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Eminent British Poets of the Nineteenth Century. Edited by Paul Robert Lieder
Paul Robert Lieder
No preview available - 1938
art thou beauty behold beneath blood bosom bower breast breath bright brow calm Catiline charm child clouds cold dark dead dear death deep delight dread dream e'en earth eyes fair fancy father fear feel flowers gaze gentle glory grave green grief hand hast hath hear heard heart heaven Henry Kirke White hope hour John of Procida land Lars Porsena light live lone look look'd Lord Lord Byron lyre mind morning mountain ne'er never night o'er pale pass'd poems poet rapture rill rock rose round Samian wine scene Scotland seem'd shade shore sigh silent sleep smile soft song sorrow soul sound spirit stars stood storm stream sweet tears tempest thee thine things thou art thought tomb turn'd twas vex'd voice waves weep weleome wild William Lisle Bowles wind wings youth
Page 51 - The sounding cataract Haunted me like a passion : the tall rock, The mountain, and the deep and gloomy wood, Their colours and their forms, were then to me An appetite; a feeling and a love, That had no need of a remoter charm, By thought supplied, nor any interest Unborrowed from the eye.
Page 57 - High instincts before which our mortal Nature Did tremble like a guilty Thing surprised: But for those first affections, Those shadowy recollections, Which, be they what they may, Are yet the fountain light of all our day, Are yet a master light of all our seeing; Uphold us, cherish, and have power to make Our noisy years seem moments in the being Of the eternal Silence: truths that wake, To perish never...
Page 308 - O attic shape! Fair attitude! with brede Of marble men and maidens overwrought, With forest branches and the trodden weed; Thou, silent form, dost tease us out of thought As doth eternity: Cold Pastoral! When old age shall this generation waste, Thou shalt remain, in midst of other woe Than ours, a friend to man, to whom thou say'st, Beauty is truth, truth beauty, that is all Ye know on earth, and all ye need to know.
Page 61 - SHE dwelt among the untrodden ways Beside the springs of Dove, A Maid whom there were none to praise And very few to love. A violet by a mossy stone Half hidden from the eye ! Fair as a star, when only one Is shining in the sky. She lived unknown, and few could know When Lucy ceased to be; But she is in her grave, and, oh, The difference to me...
Page 284 - That orbed maiden with white fire laden Whom mortals call the Moon, Glides glimmering o'er my fleece-like floor By the midnight breezes strewn ; And wherever the beat of her unseen feet, Which only the angels hear, May have broken the woof of my tent's thin roof, The stars peep behind her and peer ; And I laugh to see them whirl...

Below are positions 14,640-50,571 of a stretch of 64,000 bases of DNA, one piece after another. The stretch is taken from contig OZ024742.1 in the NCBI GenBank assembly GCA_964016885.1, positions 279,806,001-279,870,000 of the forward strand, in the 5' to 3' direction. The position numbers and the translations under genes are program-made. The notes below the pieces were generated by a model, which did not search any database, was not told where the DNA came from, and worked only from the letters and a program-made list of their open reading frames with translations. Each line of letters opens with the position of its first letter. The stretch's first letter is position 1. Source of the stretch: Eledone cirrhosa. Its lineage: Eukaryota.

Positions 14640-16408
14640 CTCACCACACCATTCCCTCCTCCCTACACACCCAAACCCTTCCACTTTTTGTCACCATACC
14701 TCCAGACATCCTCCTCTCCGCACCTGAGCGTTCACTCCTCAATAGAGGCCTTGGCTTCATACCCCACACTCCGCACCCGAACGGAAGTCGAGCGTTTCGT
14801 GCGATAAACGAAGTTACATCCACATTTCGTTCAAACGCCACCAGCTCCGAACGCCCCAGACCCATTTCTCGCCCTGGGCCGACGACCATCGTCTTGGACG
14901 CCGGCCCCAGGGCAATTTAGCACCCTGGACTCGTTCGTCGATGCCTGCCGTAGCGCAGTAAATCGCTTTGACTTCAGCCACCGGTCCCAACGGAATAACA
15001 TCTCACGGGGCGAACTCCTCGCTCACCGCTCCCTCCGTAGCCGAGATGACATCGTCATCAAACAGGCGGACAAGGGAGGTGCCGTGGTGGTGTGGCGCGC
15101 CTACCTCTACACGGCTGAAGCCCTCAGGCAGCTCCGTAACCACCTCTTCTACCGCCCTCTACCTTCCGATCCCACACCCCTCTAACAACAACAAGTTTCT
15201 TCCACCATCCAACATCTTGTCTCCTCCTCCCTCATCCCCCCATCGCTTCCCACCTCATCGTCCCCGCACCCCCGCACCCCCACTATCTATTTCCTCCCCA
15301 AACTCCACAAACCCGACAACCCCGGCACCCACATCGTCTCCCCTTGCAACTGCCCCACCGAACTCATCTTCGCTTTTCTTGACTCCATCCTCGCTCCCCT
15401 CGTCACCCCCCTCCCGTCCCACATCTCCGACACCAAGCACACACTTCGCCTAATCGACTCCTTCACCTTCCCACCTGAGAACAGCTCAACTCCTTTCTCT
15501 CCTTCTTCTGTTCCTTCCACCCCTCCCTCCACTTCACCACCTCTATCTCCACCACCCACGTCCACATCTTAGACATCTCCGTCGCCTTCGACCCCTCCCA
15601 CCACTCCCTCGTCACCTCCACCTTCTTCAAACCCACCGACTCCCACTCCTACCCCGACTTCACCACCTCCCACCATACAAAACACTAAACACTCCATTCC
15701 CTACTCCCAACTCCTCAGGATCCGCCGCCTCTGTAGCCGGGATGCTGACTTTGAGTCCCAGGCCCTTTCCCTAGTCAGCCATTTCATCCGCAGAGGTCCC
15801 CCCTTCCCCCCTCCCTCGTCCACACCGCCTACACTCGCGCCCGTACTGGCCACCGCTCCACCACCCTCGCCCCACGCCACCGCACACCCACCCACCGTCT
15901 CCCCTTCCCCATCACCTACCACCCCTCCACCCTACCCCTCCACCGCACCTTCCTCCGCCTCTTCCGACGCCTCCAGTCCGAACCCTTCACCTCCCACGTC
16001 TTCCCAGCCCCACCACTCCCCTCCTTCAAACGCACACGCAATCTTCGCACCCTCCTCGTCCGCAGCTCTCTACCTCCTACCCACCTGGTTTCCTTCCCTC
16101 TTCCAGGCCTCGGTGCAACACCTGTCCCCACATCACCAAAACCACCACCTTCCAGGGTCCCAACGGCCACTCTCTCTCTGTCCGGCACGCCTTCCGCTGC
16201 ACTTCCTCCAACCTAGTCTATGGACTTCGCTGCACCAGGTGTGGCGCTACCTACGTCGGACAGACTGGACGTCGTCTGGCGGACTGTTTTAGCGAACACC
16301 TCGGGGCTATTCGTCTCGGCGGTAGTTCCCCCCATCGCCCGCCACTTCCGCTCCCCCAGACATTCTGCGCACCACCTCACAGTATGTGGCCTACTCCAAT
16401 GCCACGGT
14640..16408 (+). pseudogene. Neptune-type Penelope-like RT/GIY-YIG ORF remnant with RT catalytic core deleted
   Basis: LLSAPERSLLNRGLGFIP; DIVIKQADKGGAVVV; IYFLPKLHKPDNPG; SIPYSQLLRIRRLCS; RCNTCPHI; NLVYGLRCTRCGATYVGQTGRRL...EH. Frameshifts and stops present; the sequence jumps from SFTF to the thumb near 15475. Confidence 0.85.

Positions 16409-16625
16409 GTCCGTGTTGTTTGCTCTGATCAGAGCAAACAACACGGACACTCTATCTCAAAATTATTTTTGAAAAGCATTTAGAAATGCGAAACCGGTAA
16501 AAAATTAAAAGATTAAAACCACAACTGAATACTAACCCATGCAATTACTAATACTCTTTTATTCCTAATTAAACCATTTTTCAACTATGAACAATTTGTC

Page 228 - There is a pleasure in the pathless woods, There is a rapture on the lonely shore, There is society where none intrudes, By the deep Sea, and music in its roar ; I love not man the less, but Nature more, From these our interviews, in which I steal From all I may be, or have been before, To mingle with the Universe, and feel What I can ne'er express, yet cannot all conceal.
Page 51 - Is lightened : that serene and blessed mood, In which the affections gently lead us on, Until, the breath of this corporeal frame And even the motion of our human blood Almost suspended, we are laid asleep In body, and become a living soul : While with an eye made quiet by the power Of harmony, and the deep power of joy. We see into the life of things.
Page 284 - I bring fresh showers for the thirsting flowers, From the seas and the streams; I bear light shade for the leaves when laid In their noonday dreams. From my wings are shaken the dews that waken The sweet buds every one, When rocked to rest on their mother's breast, As she dances about the sun. I wield the flail of the lashing hail, And whiten the green plains under, And then again I dissolve it in rain, And laugh as I pass in thunder.
Page 91 - I pass, like night, from land to land; I have strange power of speech; That moment that his face I see, I know the man that must hear me: To him my tale I teach.
Page 307 - Darkling I listen; and for many a time I have been half in love with easeful Death, Call'd him soft names in many a mused rhyme, To take into the air my quiet breath; Now more than ever seems it rich to die, To cease upon the midnight with no pain, While thou art pouring forth thy soul abroad In such an ecstasy! Still wouldst thou sing, and I have ears in vain To thy high requiem become a sod.